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05-23-2018, 06:59 AM - 4 Likes   #1
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Ming Thein on format equivalence, engineering and practical envelope

A great article by Ming Thein on a complex subject:



Format equivalence, engineering and practical envelope ? Ming Thein | Photographer


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05-23-2018, 01:42 PM - 1 Like   #2
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Mings writings are always quite interesting,i've long thought that M43 is the ideal "extra" system to compliment FF.
05-23-2018, 02:16 PM - 4 Likes   #3
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I think probably the biggest thing (to me) is that it is awfully handy to have different sensor sizes, but that use the same mount. This is the biggest reason that I shoot with APS-C and full frame. Sharing lenses, for those of us who don't have unlimited resources is a big deal. And honestly, all of my lenses become manual focus, short to long telephoto lenses on a micro four thirds camera (except the DFA 15-30 which is amazingly big normal zoom).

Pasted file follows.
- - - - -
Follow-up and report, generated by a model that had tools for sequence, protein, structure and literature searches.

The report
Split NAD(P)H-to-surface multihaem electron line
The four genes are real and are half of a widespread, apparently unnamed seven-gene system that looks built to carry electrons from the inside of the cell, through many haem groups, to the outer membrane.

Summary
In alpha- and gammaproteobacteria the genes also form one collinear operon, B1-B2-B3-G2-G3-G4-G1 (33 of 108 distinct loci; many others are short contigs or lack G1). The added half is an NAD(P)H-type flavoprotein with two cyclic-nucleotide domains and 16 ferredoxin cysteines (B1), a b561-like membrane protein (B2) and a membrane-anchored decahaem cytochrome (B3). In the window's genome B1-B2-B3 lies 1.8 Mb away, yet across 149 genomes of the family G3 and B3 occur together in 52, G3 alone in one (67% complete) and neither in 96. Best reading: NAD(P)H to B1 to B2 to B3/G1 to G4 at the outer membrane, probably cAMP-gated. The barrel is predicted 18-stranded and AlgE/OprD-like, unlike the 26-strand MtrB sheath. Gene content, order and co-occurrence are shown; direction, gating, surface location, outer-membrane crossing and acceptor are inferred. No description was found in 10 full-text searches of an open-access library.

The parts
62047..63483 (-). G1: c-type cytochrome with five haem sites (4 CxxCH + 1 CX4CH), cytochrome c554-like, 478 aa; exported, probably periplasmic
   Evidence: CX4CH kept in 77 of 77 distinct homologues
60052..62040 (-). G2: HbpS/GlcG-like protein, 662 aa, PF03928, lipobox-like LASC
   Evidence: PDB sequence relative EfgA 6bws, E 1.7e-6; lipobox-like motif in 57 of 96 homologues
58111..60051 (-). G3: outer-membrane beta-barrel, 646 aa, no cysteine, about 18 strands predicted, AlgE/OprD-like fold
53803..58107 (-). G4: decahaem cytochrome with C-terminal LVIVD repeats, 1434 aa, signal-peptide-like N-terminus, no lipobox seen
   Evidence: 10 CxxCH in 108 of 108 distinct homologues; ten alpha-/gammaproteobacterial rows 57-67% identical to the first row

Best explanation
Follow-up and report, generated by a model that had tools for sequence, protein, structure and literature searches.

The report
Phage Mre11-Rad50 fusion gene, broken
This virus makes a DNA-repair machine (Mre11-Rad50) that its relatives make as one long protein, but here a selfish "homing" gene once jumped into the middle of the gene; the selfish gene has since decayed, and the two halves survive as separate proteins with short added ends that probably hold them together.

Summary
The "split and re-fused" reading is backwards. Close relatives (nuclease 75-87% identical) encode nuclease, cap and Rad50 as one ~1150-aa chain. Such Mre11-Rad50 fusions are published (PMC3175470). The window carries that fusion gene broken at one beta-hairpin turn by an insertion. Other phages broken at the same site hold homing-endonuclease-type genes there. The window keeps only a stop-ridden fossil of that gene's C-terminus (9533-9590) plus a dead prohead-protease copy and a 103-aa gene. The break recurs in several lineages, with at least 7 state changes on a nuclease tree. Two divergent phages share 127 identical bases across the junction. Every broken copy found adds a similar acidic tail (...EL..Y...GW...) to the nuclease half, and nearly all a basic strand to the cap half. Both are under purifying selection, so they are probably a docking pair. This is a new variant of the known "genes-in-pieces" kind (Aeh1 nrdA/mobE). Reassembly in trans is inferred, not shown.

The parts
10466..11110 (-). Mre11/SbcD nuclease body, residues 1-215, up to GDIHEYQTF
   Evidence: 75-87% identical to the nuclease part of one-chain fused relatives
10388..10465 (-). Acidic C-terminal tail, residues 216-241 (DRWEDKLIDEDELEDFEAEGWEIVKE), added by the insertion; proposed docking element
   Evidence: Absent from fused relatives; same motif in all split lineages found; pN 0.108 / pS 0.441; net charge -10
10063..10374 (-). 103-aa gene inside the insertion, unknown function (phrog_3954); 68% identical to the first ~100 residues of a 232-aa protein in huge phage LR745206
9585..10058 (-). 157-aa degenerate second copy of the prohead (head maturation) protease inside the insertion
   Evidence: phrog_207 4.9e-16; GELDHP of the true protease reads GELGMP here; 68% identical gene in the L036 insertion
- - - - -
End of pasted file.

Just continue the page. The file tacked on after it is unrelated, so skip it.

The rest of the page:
I like full frame a lot. It provides sort of compromise -- cheaper than medium format, but better image quality (dynamic range/high iso) than smaller formats. Lenses are relatively reasonably priced. If I was shooting with Sony/Nikon/Canon, I still wouldn't go with micro four thirds as a second camera, but rather would use an APS-C camera with the same mount. Basically you have a little smaller camera that typically would have faster frame rates, but would take the same lenses.
05-23-2018, 02:53 PM - 2 Likes   #4
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I've shot m43 and apsc together for years. I have thought that moving to full frame might be better to stretch the format differences.

05-23-2018, 03:35 PM - 2 Likes   #5
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Shoot the format to suit the subject, style of photography, and field conditions and don't worry about equivalence. I seem to be equally happy with my cell-phone photos as with the 4x5" stuff.


Steve

(...easily pleased, I am...)
05-23-2018, 05:57 PM   #6
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Yeah, I'm with Rondec. m4/3 would be good, except it requires all new lenses or adapters and reduced performance. With my K-70 and K-1 I can share lenses.

Plus from an ergonomic standpoint, there's a limit to how small the grip can get for me and still feel good, particularly if I have a big lens on the front.
05-23-2018, 07:15 PM   #7
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QuoteOriginally posted by SteveinSLC Quote
Yeah, I'm with Rondec. m4/3 would be good, except it requires all new lenses or adapters and reduced performance. With my K-70 and K-1 I can share lenses.

Plus from an ergonomic standpoint, there's a limit to how small the grip can get for me and still feel good, particularly if I have a big lens on the front.